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Barrett Brown Is Being Railroaded (Why You Should Care)

A screenshot of Barrett Brown

Barrett Brown faces 45 years in prison for posting a link in a chat room.

Trying to think of less sympathetic figure than Barrett Brown would be a difficult task for many Americans. He’s rude, vindictive, and seems to get a particular joy from pissing people off. He’s gone out of his way to anger groups ranging from the FBI to the Zetas, all while being the quasi-official spokesman for Anonymous – a group on the shit list of nearly every powerful person on the planet.

So surprise, Barrett Brown has been arrested. The initial arrest is pretty understandable, Brown went on a long YouTube tirade which appropriately began with “I don’t make plans.” Within the seemingly endless series of insults is a direct threat to FBI agent Robert Smith as well as a promise to meet any U.S government officials trying to arrest him with armed resistance. Bad move.

First off, law enforcement — acting under a legal warrant — has the right to arrest a citizen. In what world would that not be the case? Brown’s threat to meet that legitimate use of authority with violence is wildly out of line and indefensible. It’s also worth noting that when Brown was arrested by the Dallas Police — caught on video — he did not offer armed resistance. Whether this was due to his rant being an idle threat or him not having time to get access to a weapon is an open question.

Secondly, threatening an FBI agent and his family with any destructive act – though apparently non-violent and perhaps legal – is pretty dumb if you are trying to stop harassment. Brown claimed, which has all the probability of being true, that Agent Smith was harassing his mother. Very plausible as this is generally how the FBI conducts its affairs – terrorizing putting pressure on family members to assist them in destroying a target. And given Brown’s political associations the bare-knuckle tactics he alleges would fit well with the FBI’s history of persecuting political dissidents in America

So Brown was already on the radar for his activism, he was being harassed by the government, and cracked under the pressure by making threats that lead to an arrest. So why should YOU care?

You should care because what happened next not only affects you but will affect any user of the internet.

While in custody Barrett Brown was indicted again, this time for computer fraud and identity theft. This indictment, unlike the first, lacked all semblance of proportionality and legitimacy. Apparently Brown was not the only one to lose his senses:

Dallas writer Barrett Brown, who was involved with the “hacktivist” movement Anonymous until earlier this year, was indicted last Tuesday (Dec. 4) on 12 counts related to possession of stolen credit-card numbers.

The indictment alleges that Brown possessed at least 10 stolen credit-card numbers and card-verification values (CVVs), and also shared a link to a document that contained thousands more stolen credit-card numbers. He faces 45 years in prison if convicted on all counts.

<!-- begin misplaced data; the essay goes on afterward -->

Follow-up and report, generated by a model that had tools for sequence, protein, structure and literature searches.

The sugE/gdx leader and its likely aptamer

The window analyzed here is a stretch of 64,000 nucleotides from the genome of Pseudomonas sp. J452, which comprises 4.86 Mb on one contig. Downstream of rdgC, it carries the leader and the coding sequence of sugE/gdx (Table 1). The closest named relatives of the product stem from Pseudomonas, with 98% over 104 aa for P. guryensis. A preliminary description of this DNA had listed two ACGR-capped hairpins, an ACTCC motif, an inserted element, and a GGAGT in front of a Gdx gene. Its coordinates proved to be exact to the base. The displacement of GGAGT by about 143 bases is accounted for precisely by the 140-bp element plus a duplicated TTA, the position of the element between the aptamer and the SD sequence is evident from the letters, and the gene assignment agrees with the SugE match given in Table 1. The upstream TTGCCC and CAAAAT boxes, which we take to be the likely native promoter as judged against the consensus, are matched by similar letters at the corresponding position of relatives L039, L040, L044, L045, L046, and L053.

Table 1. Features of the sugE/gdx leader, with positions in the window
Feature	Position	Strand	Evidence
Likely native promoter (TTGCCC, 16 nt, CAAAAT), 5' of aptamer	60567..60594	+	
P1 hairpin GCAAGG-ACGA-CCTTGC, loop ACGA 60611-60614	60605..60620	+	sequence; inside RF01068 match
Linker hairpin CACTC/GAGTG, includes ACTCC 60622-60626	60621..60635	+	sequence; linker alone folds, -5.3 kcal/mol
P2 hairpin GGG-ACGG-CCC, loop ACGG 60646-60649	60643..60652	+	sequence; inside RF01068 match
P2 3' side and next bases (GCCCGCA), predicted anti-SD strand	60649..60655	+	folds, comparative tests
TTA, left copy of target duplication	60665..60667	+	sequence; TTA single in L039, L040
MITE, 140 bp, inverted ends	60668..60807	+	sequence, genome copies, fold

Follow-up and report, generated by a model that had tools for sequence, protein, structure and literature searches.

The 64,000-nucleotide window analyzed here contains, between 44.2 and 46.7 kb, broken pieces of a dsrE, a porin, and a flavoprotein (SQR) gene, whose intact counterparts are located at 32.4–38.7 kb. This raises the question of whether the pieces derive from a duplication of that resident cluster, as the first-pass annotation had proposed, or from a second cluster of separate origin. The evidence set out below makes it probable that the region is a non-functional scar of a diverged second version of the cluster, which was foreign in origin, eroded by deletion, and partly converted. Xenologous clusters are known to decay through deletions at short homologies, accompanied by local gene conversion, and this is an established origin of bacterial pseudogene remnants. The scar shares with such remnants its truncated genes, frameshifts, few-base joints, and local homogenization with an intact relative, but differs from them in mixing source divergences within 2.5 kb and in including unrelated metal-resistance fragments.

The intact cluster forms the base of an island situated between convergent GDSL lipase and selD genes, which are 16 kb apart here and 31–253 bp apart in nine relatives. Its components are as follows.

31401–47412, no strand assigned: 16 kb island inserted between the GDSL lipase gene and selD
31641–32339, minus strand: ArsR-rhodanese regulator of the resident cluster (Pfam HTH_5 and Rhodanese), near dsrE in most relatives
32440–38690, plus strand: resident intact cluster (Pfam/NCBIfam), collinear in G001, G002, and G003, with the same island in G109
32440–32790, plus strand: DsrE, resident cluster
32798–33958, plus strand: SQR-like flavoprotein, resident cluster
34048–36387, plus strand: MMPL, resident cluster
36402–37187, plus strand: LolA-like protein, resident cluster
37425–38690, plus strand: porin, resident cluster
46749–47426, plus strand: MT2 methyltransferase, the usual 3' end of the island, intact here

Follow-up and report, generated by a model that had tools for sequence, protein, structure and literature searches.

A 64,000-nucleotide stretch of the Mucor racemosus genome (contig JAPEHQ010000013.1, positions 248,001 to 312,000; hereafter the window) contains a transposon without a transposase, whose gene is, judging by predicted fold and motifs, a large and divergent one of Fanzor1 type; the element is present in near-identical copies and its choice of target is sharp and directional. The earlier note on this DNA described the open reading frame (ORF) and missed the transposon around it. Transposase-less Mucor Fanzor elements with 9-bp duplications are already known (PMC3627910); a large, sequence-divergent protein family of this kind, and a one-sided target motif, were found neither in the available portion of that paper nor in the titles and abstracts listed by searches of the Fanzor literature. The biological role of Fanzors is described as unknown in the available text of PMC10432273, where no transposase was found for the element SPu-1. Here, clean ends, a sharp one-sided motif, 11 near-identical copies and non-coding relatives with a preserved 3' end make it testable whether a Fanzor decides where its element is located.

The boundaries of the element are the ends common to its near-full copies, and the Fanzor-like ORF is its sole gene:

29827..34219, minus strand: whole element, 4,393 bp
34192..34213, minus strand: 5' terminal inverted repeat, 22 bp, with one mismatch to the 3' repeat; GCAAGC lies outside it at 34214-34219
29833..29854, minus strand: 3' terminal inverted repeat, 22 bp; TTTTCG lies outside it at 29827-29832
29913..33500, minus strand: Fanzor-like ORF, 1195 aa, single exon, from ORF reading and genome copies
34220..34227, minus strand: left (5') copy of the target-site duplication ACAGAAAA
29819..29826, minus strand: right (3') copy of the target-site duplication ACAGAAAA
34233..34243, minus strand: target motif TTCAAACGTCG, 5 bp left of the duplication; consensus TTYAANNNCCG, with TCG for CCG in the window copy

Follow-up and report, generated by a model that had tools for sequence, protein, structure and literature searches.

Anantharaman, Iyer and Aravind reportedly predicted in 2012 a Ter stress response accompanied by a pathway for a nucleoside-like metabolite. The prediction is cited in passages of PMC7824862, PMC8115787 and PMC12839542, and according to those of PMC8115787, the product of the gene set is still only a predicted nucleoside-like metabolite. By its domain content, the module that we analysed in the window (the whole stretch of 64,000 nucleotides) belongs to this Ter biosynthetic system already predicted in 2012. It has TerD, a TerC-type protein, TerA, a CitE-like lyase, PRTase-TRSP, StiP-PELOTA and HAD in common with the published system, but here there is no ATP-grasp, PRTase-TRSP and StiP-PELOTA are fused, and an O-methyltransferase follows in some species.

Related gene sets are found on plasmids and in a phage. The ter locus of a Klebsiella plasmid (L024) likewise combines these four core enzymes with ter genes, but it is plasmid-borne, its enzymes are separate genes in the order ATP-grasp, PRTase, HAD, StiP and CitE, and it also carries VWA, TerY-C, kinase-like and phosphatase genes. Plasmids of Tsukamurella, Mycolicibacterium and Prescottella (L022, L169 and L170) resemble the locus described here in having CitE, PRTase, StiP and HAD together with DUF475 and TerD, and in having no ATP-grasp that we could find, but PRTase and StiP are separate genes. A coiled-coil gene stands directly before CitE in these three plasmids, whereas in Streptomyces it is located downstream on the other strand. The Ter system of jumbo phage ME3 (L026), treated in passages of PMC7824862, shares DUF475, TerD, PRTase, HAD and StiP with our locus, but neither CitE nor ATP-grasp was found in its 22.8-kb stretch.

However, the indictment does not allege that Brown himself stole the credit-card numbers or that he profited from having them. It states that merely possessing the numbers shows “intent to defraud.”

Wait, what?

What Brown actually did was post a link to a “data dump” of stolen information, including credit-card numbers, on his own Internet Relay Chat forum. He also had one or more text files containing about 10 stolen credit-card numbers on his own computer.

If that’s the case, then dozens of technology journalists, including possibly this writer, as well hundreds of technology researchers, might be considered just as guilty as Brown.

Many online news reports include links to websites where politically motivated hackers post their manifestos, and those manifestos in turn often contain links to file-sharing sites that house stolen data.

Are journalists who post those links trafficking in stolen goods?

So now, posting a link on a chat forum is … a crime?

What is clear is that federal prosecutors seem to be stretching the definition of digital-information crimes to include a wide range of activities that would, in the physical world, be considered lawful.

In the real world, it’s not a criminal offense to know a stranger’s name, address or license-plate number. It’s not a crime to find and pick up a credit card that someone else dropped in the street.

In the physical world, you don’t actually commit a crime until you take action by stealing the stranger’s car, breaking into his house or using his credit card.

But according to Barrett Brown’s indictment, merely knowing the digital equivalents of these items is enough to send you to prison for 45 years.

If this indictment stands and becomes precedent for law enforcement YOU will have less rights on the internet than you do in the physical world and should you post the wrong link in the wrong place, will be subject to arrest and up to 45 years imprisonment.

These are truly outrageous charges and I am forced to wonder if the people who were too dumb to get out of grand jury duty understood what the government was actually saying – that posting a link on the internet that may contain privileged information posted by a third party is a crime. That merely knowing someone’s credit card number or other piece of privileged information and having a record of that knowledge is a crime. The Department of Defense often talks about the 21st century being defined by Information Warfare, if this indictment stands there will be a war on information itself.

And that’s something YOU should care about.

Photo based on a screenshot from Youtube.

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Dan Wright

Dan Wright

Daniel Wright is a longtime blogger and currently writes for Shadowproof. He lives in New Jersey, by choice.